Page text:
KAMPALA, March 19, 2000 (Reuters) - The Ugandan Doomsday cult whose followers committed mass suicide on Friday had been under investigation by local authorities since 1998 for mistreating and possibly kidnapping children, local papers said on Sunday.
More than 200 members of the "Movement for the Restoration of the Ten Commandments of God," some leading children, set themselves alight in their church in southwestern Uganda in the belief the end of the world was approaching, police said.
Police said they were treating the deaths as both suicide and murder because children were involved.
The extremist Christian cult had already come under the scrutiny of the local authorities in late 1998 when a primary school they were running was closed down.
Uganda's state-owned New Vision newspaper on Sunday printed a letter from local district administrator Frank Ntaho closing down the boarding school, which was reported to have 300 pupils.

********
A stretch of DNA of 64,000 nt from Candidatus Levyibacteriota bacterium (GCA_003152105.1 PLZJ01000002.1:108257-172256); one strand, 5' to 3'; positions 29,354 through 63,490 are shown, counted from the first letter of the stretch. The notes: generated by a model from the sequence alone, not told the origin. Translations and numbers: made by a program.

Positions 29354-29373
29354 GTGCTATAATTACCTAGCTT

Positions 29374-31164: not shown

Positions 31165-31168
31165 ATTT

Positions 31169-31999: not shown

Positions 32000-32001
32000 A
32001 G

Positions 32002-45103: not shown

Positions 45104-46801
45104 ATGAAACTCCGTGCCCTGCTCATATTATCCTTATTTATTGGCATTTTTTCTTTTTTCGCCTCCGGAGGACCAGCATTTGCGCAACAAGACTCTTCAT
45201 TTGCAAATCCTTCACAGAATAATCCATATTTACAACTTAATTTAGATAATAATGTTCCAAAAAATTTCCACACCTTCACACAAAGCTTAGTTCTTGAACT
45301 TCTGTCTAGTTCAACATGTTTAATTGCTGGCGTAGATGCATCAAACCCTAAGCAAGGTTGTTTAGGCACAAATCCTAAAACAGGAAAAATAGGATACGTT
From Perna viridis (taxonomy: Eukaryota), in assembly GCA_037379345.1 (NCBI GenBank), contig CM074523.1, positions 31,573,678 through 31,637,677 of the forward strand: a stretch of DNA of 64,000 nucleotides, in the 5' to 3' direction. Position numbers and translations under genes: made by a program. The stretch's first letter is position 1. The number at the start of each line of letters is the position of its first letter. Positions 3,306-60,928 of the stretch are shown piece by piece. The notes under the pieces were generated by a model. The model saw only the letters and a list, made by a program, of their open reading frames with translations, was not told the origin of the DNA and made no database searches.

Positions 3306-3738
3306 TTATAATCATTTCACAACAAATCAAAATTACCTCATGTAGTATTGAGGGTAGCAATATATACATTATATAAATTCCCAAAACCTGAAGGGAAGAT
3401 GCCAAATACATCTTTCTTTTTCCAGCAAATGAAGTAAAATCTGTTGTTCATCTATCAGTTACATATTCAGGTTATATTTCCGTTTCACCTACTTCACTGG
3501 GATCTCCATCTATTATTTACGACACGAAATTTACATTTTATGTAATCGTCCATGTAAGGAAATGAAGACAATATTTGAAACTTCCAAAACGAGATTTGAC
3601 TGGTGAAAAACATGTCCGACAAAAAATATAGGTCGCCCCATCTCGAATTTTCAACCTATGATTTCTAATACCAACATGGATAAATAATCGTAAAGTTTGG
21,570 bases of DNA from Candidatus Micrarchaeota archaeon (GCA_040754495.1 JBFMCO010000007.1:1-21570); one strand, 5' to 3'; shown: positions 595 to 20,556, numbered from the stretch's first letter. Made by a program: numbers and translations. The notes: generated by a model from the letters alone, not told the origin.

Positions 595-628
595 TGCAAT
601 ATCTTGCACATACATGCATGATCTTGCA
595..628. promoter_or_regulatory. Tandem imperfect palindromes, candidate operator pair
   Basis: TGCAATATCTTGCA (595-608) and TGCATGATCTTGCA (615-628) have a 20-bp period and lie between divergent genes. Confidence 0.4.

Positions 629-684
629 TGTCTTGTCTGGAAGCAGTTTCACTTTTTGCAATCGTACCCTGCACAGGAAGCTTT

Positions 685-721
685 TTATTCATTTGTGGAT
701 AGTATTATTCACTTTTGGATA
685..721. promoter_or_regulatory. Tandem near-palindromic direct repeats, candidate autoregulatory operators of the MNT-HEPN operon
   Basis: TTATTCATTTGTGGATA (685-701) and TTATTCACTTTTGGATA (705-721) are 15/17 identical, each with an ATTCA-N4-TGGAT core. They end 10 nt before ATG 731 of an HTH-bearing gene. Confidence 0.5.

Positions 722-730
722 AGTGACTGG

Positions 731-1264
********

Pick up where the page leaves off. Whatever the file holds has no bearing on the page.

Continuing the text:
"The children are only given porridge for lunch, they sleep on the bare floor without blankets and mattresses, look malnourished and are subjected to child labour while some are staying with you without their parents' knowledge," Ntaho said.
"While further investigations to bring you to book are still going on, the district council has decided to stop your operation as a school with immediate effect," he wrote then.
The police declined to comment on the report on Sunday.
Local papers said the sect, one of several Doomsday cults to have sprung up in Uganda in recent years, was registered as a non-governmental organisation in 1997, but had been in operation since the early 1990s.
The police said all 235 registered members of the sect had probably perished in the fire, and probably some unregistered new arrivals as well.